• Age: As people age, their bodies tend to produce more cholesterol [NON-REVERSIBLE]
    • Genes: A family history of high cholesterol or heart disease increases a person’s risk of developing high cholesterol [NON-REVERSIBLE]
    • Smoking: Nicotine use lowers good cholesterol [REVERSIBLE]
    • Being overweight: Excess weight makes the heart work harder in order to pump blood throughout the body, increasing risk of high blood pressure and heart disease [REVERSIBLE]
    • Eating a poor diet: People whose diets are high in fat and sugar and low in fruits and vegetables are more likely to develop high cholesterol [REVERSIBLE]
    • Living a sedentary life: A lack of exercise increases a person’s risk of high cholesterol [REVERSIBLE]


Diet as a Treatment for Dyslipidaemia


Fortunately, you can reverse your lipid issues provided you make a consistent change in lifestyle. That means reversing all of the reversible risk factors above.

If you want to know what diet to follow, your can either eat a healthy macro diet (eg portfolio diet) or break it down item by item.

Here is an evidence based review of which foods appear to lower LDL cholesterol in the blood (link)



and if you follow a healthy portfolio diet, these are typical changes…..(see link)

non HDL-C (-14%)

LDL-C (-17%)

TC (-12%)

Apolipprotein B (-15%)

CRP (-32%)


Exercise as a Treatment for Dyslipidaemia

Exercise often improves lipid profile especially in unfit sedentary people. The mechanism might involve adiponectin. Furthermore, after an aerobic exercise there is an increase of ApoA1 and a decrease in ApoB (ApoB/ApoA1 may be a better risk predictor of CHD than LDL/HDL)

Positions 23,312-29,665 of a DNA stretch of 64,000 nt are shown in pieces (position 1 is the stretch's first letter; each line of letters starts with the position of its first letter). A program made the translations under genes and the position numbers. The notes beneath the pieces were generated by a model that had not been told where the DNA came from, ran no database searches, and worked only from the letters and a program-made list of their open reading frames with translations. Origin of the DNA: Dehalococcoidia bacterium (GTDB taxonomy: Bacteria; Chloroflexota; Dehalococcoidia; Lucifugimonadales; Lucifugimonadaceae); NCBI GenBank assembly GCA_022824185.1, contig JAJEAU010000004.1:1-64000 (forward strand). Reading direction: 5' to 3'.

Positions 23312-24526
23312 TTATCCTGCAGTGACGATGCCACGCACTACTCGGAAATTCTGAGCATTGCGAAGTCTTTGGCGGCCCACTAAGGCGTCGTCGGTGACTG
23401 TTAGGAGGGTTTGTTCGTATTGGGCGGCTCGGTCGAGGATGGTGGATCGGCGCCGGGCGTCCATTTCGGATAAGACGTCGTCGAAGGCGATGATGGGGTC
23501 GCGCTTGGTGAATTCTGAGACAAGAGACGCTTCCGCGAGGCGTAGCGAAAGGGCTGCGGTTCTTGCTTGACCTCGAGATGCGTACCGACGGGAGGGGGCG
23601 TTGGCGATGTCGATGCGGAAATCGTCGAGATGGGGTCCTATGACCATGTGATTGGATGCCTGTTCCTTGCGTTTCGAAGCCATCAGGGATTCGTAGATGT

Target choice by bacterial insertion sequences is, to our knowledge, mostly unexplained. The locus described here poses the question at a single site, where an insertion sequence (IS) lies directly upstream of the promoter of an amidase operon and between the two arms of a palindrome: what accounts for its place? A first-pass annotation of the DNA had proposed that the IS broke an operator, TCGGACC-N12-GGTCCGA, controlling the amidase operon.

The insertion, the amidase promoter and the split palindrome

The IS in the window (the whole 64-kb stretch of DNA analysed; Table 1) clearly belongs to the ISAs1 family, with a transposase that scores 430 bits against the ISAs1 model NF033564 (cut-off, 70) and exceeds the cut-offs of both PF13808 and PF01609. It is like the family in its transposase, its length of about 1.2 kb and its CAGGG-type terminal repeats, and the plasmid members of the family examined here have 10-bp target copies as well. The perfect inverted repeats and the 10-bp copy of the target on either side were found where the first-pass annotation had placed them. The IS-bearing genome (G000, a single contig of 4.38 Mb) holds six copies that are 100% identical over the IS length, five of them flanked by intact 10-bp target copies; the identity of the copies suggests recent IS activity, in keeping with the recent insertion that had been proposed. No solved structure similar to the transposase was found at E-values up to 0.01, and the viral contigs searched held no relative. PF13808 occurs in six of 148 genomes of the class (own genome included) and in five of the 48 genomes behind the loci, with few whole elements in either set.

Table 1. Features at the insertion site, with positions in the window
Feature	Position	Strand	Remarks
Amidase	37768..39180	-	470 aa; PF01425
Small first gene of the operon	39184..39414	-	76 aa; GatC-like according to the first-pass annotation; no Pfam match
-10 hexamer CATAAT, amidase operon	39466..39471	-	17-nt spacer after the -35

Meta-analyses suggest that training period correlate with improvement in lipid profile (ref). Each 10-minute increase in exercise duration corresponded to an increase of 1.4 mg/dL in HDL level.

Regular aerobic training resulted in changes in the levels of

HDL-C (0.4 mg/dL),

LDL-C (-0.18 mg/dL)

TC (- 0.33 mg/dL)

TG (- 0.33 mg/dL)

Resistance training produced changes in the levels of

HDL-C (0.84 mg/dL)

LDL-C (- 0.23 mg/dL)

TC (-0.32 mg/dL)

TG (-1.3 mg/dL)

Drug Treatment for Dyslipidaemia

What if diet fails? Drug treatment with a statin is an option, and provided the drug reduces LDL or non-HDL lipids then there is generally a benefit (figure). But there may be some drug-related risk, hence lifestyle change is preferred IMHO (see link)



Creighton BC, Hyde PN, Maresh CM, et al Paradox of hypercholesterolaemia in highly trained, keto-adapted athletes BMJ Open Sport & Exercise Medicine 2018;4:e000429. doi: 10.1136/bmjsem-2018–000429

Muscella The effects of exercise training on lipid metabolism and coronary heart disease  Am J Physiol Heart Circ Physiol . 2020 Jul 1;319(1):H76-H88. doi: 10.1152/ajpheart.00708.2019. Epub 2020 May 22.